I got a new speaker in the post yesterday morning. It’s been redesigned specifically for the Raspberry Pi by ThePiHut. I charged it for a few hours (it has an internal lipo battery, which powers it for 7 hours of use) and then plugged it into the 3.5mm stereo outlet of an HDMIPi screen.
This takes the sound from the HDMI output of the Pi (so it’s digital and high quality, much better than the Pi’s analog output). I tested it with Bug Buck Bunny, which has superb graphics and sound. It also makes an excellent benchmark because it’s totally free and open source. That means I can use it in a video, which makes it possible for me to share the experience with you.
Amazingly Good Sound
I was totally amazed at the sound output quality. For its size and cost, the sound really is very good indeed. The video doesn’t really do justice to either the screen or the speaker, but it’s the nearest you can get on the internet. You need to see these in person for the full effect…
This speaker costs £12 from ThePiHut, available here.
A short while after making this video, the 3.5mm male to male lead started suffering an intermittent loose connection. Swapping for an alternative lead made the problem disappear immediately. So thankfully it wasn’t an issue with the speaker itself. I would have been upset because the speaker is lovely.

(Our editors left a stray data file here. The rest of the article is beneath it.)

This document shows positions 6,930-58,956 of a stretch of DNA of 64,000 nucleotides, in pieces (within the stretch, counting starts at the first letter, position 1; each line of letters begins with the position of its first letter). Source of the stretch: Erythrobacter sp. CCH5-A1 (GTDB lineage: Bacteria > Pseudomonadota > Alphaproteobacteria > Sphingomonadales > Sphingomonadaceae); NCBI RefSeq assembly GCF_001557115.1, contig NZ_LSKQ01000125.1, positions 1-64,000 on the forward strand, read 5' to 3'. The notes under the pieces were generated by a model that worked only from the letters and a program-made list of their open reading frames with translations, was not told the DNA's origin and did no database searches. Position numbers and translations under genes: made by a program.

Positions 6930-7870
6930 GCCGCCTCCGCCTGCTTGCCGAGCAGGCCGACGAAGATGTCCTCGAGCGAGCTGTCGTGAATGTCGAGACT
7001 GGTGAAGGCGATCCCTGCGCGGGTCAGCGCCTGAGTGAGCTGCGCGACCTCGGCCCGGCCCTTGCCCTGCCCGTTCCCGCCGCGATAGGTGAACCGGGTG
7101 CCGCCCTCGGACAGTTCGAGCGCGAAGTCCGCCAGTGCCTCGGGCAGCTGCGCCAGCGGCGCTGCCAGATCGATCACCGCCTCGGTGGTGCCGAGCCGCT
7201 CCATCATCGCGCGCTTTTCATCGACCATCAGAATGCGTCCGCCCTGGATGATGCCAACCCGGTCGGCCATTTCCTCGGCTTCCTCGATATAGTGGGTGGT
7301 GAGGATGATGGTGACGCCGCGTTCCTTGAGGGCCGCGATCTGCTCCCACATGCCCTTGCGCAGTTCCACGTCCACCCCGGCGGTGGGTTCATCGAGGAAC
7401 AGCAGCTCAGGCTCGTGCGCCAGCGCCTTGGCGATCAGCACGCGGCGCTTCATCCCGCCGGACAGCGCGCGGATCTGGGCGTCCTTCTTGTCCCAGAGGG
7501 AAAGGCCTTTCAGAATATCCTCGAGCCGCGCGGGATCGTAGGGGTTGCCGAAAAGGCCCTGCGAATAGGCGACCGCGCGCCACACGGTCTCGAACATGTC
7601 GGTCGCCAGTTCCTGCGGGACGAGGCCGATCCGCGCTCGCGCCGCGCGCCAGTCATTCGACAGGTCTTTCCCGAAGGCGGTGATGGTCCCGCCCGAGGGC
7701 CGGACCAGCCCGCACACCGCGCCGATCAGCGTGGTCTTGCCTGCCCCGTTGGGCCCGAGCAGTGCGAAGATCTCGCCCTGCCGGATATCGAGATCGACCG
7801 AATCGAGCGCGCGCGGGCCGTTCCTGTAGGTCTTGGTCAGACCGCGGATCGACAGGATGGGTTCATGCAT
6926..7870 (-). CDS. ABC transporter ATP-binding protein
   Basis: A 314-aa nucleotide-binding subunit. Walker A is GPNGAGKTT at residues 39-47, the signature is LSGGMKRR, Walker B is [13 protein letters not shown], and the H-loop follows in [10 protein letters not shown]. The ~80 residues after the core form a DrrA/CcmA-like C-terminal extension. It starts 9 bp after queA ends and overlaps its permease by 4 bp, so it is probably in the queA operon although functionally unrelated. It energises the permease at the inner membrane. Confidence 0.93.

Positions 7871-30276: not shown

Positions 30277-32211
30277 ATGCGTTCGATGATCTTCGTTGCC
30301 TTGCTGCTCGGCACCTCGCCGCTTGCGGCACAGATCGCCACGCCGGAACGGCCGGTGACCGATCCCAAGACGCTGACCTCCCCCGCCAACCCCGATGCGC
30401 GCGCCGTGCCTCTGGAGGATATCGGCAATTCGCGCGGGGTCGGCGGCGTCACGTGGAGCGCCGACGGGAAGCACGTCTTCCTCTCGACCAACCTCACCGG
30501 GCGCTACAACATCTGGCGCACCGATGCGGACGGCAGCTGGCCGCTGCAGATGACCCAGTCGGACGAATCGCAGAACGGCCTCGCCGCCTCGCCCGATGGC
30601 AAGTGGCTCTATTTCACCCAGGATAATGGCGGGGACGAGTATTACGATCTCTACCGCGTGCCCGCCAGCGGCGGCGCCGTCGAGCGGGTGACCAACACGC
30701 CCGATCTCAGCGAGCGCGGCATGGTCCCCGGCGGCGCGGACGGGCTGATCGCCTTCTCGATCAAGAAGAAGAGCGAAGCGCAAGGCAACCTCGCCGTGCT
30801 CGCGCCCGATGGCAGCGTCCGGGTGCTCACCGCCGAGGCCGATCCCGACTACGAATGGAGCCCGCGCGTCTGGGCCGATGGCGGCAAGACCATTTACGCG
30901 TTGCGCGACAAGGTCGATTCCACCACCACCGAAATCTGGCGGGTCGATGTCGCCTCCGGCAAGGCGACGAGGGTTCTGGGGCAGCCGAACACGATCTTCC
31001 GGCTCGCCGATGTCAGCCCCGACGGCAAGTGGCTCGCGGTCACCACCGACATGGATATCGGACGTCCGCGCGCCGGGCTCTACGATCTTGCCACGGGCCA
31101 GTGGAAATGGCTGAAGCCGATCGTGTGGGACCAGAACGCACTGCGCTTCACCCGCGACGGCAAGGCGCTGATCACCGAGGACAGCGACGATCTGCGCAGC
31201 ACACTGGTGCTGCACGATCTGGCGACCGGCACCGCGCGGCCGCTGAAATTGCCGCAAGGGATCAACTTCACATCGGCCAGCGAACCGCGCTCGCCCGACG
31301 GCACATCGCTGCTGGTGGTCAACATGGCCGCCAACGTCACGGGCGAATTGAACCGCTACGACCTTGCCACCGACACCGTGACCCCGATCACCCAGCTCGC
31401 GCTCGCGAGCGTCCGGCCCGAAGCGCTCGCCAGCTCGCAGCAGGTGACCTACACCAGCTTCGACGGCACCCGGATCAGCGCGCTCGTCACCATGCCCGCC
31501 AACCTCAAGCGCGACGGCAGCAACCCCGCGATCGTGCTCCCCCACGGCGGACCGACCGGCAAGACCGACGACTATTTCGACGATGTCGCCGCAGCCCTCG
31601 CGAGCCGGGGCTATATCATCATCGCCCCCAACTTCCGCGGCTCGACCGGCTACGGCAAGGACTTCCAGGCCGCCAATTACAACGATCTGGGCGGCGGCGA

The product manual needs some work though, as there is some incorrect information in it.
- You don’t need to charge the speaker before use, if you plug in the power lead.
- You can use it while it’s powered (even from the Pi USB port) but that may affect sound quality.
- There is no FM Radio or Bluetooth. Those features are for another model by the same manufacturer.
[…] Alex Eames got hold of a new speaker from The Pi Hut and has done a review video over on his site, RasPi.TV. Read and watch the video here. […]
This looks nice. One of my gripes about the Raspberry Pi is the output on the audio jack is really really small which is unfortunate because even on projects where you may only want something as simple as a few beeps you still need an amplifier. I’ve been told the output from the Pi is so weak it can’t even power headphones (although I’ve not tested that myself) so it should be considered more of a line out than a headphone jack. This product gives a lot of people an easy solution, although more compact projects will still have to use something else like a small amp or a USB sound card.